Sanjukta Paul is Professor of Law at Michigan Law School. She earned her J.D. from Yale Law School, subsequently completing a judicial clerkship on the Ninth Circuit Court of Appeals. For several years she was a litigator and advocate in and around social movements in Los Angeles–on labor, civil rights, and low-wage worker issues–and then a clinical fellow at UCLA School of Law, where she designed and taught the Workers Rights Litigation Clinic. Paul’s current work seeks to illuminate how law organizes economic coordination—focusing on core areas like antitrust, labor and employment, and corporations—and how these legal choices promote or undermine broader normative aims.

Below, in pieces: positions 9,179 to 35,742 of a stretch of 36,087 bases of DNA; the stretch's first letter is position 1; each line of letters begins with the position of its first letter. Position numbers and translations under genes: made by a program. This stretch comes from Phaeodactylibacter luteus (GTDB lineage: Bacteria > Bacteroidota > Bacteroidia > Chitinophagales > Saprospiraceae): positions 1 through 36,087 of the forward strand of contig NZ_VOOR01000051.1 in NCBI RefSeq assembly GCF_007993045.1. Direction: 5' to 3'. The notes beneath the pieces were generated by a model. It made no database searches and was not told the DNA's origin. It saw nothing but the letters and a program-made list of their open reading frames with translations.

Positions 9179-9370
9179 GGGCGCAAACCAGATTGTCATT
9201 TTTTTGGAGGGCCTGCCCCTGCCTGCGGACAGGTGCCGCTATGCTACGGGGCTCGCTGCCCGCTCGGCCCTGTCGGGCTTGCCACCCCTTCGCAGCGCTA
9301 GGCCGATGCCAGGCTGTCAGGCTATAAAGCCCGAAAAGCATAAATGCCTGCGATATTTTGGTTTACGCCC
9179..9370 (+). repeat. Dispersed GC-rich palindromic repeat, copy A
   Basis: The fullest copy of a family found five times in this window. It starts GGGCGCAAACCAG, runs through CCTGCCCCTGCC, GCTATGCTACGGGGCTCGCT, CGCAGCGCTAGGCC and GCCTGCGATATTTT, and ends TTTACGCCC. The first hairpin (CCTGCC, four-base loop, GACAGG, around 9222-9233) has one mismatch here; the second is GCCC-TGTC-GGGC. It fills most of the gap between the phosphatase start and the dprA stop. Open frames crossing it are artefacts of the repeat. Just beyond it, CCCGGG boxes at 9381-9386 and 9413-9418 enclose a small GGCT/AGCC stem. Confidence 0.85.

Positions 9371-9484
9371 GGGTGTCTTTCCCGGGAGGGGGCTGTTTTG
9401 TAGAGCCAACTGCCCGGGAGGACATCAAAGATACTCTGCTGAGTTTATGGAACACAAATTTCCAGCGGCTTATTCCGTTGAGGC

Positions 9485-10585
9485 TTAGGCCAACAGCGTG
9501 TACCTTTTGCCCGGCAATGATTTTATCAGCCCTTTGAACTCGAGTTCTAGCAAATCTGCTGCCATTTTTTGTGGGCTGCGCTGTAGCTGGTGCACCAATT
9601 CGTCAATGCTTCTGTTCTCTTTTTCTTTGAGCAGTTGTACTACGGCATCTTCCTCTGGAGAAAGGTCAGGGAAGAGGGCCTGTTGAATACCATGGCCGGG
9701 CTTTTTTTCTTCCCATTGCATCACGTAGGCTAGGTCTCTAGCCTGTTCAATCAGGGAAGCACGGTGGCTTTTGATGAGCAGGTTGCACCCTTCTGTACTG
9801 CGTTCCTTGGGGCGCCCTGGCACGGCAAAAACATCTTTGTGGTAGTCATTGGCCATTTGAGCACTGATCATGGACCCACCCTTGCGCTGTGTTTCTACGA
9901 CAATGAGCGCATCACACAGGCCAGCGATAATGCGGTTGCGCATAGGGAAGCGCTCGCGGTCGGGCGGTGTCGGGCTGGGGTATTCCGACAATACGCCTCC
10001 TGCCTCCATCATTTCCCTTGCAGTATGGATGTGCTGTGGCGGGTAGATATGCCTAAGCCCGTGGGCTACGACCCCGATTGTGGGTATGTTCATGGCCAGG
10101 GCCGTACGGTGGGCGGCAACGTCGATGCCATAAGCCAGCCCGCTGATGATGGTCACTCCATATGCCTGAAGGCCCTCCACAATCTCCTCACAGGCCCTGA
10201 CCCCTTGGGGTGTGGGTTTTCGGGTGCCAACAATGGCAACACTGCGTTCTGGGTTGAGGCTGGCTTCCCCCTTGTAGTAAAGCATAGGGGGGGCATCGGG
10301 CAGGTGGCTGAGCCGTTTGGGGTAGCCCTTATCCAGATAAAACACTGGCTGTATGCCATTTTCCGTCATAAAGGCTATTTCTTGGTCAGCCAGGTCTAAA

She is currently completing a book, Solidarity in the Shadow of Antitrust: Labor and the Legal Idea of Competition (Cambridge University Press), which reinterprets key aspects of the development of antitrust law in relation to labor and workers. Her work has also appeared or will appear in the Yale Law Journal, the UCLA Law Review, Law & Contemporary Problems, and the Berkeley Journal of Employment & Labor Law, among others.
Areas of Expertise: labor and employment, antitrust, history of antitrust, corporations